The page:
300 degrees 1 hour – turn 1/2 way through
345 degrees 15 minutes – turn
20 minutes more – check with long wooden skewer – damnation – perfect.
9 x 5 inch Williams Sonoma gold-ish large loaf pan

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Work Hack – good for breakfast or lunch as long as you have Kerry Gold butter.

Sausage Balls – Cook’s Country

There are just some things I MUST have for Christmas and probably the two most important things for Christmas morning are toasted banana nut bread and sausage balls. My mom always made them both. For the sausage balls she used, as most people did at the time, Bisquick, but since finding this Cook’s Country recipe that is just not necessary. I never used it for anything but this recipe, so to not have to purchase it and make do with things I already have on hand – well, it just makes so much more sense to me.

So here’s to my mom and to Christmas morning. D&D_2573

1 1/2 cups all-purpose flour
1 tsp baking powder
1/4 tsp salt
1/4 tsp freshly ground black pepper
2 Tbs unsalted butter, cut into 1/2 inch pieces
8 ozs bulk hot breakfast sausage
4 ozs extra sharp cheddar, grated (1 cup)
3/4 cup whole buttermilk

Preheat oven to 400 degrees. Line a rimmed baking sheet with parchment paper.

In the food processor, pulse the flour, baking powder, salt, pepper an cayenne until combined. Add butter and pulse until mixture resembles coarse meal about 12 pulses. Add sausage and cheddar and pulse until combined, about 8 more times. Place mixture in a nice sized bowl and stir in buttermilk until just combined.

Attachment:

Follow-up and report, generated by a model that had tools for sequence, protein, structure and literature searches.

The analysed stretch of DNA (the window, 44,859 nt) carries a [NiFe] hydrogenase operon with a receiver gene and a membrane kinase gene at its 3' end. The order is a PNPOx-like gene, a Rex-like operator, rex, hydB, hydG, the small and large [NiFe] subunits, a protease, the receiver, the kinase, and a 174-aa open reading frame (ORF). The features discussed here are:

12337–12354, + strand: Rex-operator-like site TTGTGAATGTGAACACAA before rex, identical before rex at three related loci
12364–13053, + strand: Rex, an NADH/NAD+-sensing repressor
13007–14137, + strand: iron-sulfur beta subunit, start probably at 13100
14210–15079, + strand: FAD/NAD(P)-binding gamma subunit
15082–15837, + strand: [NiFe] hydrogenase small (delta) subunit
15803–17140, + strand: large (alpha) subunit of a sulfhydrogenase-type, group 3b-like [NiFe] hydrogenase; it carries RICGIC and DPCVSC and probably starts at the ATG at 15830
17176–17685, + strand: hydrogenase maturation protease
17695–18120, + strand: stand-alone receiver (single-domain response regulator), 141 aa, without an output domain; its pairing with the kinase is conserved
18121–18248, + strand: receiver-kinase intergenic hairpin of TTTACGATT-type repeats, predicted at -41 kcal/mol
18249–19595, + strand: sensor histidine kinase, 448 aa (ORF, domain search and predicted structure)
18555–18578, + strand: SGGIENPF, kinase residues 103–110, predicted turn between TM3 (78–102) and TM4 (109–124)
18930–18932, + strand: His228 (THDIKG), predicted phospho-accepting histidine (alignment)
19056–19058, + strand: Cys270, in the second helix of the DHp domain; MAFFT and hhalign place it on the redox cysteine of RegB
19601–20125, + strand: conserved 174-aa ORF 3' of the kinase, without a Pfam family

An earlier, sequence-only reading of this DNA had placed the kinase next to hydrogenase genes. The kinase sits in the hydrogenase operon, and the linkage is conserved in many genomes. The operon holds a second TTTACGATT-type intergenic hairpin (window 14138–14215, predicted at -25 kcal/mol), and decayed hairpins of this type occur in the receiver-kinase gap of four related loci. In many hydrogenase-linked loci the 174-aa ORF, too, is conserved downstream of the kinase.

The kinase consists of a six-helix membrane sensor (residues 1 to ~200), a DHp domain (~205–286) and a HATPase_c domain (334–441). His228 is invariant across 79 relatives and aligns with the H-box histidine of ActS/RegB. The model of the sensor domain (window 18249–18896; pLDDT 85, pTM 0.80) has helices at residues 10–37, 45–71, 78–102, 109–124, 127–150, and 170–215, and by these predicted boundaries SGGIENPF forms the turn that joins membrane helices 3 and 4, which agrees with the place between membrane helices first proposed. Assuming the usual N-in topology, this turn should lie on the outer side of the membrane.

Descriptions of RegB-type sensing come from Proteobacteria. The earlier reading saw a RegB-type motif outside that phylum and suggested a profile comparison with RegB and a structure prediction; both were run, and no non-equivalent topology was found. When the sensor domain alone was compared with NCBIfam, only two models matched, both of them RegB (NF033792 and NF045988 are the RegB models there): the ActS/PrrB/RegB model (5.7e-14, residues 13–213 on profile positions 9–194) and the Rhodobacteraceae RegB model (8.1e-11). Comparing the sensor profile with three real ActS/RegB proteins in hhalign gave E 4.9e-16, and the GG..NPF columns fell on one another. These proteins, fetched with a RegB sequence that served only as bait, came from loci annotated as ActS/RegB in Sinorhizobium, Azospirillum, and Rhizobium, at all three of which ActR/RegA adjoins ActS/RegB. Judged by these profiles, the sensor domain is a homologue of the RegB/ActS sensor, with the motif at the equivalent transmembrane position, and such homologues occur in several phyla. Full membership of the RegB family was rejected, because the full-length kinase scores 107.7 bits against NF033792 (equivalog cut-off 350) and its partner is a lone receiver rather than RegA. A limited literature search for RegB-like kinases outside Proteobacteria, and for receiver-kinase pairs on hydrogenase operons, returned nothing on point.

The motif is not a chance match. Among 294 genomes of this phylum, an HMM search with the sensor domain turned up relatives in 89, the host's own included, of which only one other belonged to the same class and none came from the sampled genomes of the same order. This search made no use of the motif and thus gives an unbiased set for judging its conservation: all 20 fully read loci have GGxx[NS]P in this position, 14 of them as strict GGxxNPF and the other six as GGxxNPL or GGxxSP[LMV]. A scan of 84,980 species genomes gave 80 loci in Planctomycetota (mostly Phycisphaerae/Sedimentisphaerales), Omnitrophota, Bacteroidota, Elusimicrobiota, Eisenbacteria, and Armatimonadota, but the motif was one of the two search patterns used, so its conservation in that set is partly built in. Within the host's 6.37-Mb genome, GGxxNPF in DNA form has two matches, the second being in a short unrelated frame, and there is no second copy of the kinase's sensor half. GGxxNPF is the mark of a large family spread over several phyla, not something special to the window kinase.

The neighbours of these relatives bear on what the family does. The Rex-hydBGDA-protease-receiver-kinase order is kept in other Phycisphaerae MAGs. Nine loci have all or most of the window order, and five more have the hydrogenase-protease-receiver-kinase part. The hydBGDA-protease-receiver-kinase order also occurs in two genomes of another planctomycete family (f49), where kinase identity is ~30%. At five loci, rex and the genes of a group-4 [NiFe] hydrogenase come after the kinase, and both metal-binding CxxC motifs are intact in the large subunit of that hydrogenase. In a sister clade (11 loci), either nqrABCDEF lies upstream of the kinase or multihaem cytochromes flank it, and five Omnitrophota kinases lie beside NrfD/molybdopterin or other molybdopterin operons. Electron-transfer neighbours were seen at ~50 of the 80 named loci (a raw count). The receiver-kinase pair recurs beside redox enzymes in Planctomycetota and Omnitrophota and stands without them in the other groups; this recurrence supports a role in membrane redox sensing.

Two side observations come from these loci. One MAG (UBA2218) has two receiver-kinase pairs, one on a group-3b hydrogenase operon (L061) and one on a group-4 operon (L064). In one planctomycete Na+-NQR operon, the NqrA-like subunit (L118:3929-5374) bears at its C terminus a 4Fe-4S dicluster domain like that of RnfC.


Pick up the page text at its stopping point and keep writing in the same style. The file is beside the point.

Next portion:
Wet your hands and roll dough into 1 1/4 inch ball (about 1 Tbs each). Space evenly on baking sheet and bake until golden brown between 20 – 22 minutes, rotating baking pan halfway through. Transfer baking sheet to a wire rack and let cool for 5 minutes. Serve warm. With grape jelly. Yum.

You can make these ahead and bake, cool, and then freeze and just reheat in the oven at 200 degree for 15 or so minutes. Just test one and see if it where you want it to be for reheating.

24 December 2014

24 December 2016 – for Christmas Day brunch/lunch

22 December 2017 for Christmas Day brunch/lunch – 375 degrees convection- 20 minutes – turn 1/2 way through – perfection! Need to double next time and freeze half (after baking). They keep well in the freezer for a month or so. Also, grape jelly needs to be involved.

These are also excellent on New Year’s Day morning too. Pretty much excellent anytime, but you get the point.

Christmas Sugar Cookies

These cookies are required for Christmas. These are also forgiving and amazingly good. They are crisp and believe it or not, not that sweet. I use them many times a year. You can make ahead and divide dough into pieces to bake a little at a time.

D&D_25491 cup unsalted butter, softened
1 cup sugar
2 large eggs, slightly beaten
1 tsp vanilla
3 cups all-purpose flour
2 tsp baking powder
1 tsp salt

Preheat oven to 350 degrees. Over a piece of waxed paper, sift together flour, baking powder, and salt.

In the bowl of a stand mixer,  cream together butter and sugar until light and fluffy. Beat in eggs, one at a time and then the vanilla. Sift flour into butter mixture, 1 cup at a time until just combined. Dump out onto plastic wrap and shape into a disk. Cover with plastic and chill 3 to 4 hours.*

Roll out dough until 1/4 inch and cut into shapes with cookie cutters. Brush and sprinkle with colored sugars. Bake on a parchment-lined baking sheet for 8 – 10 minutes until edges are slightly golden. Remove cookies to a rack to cool completely.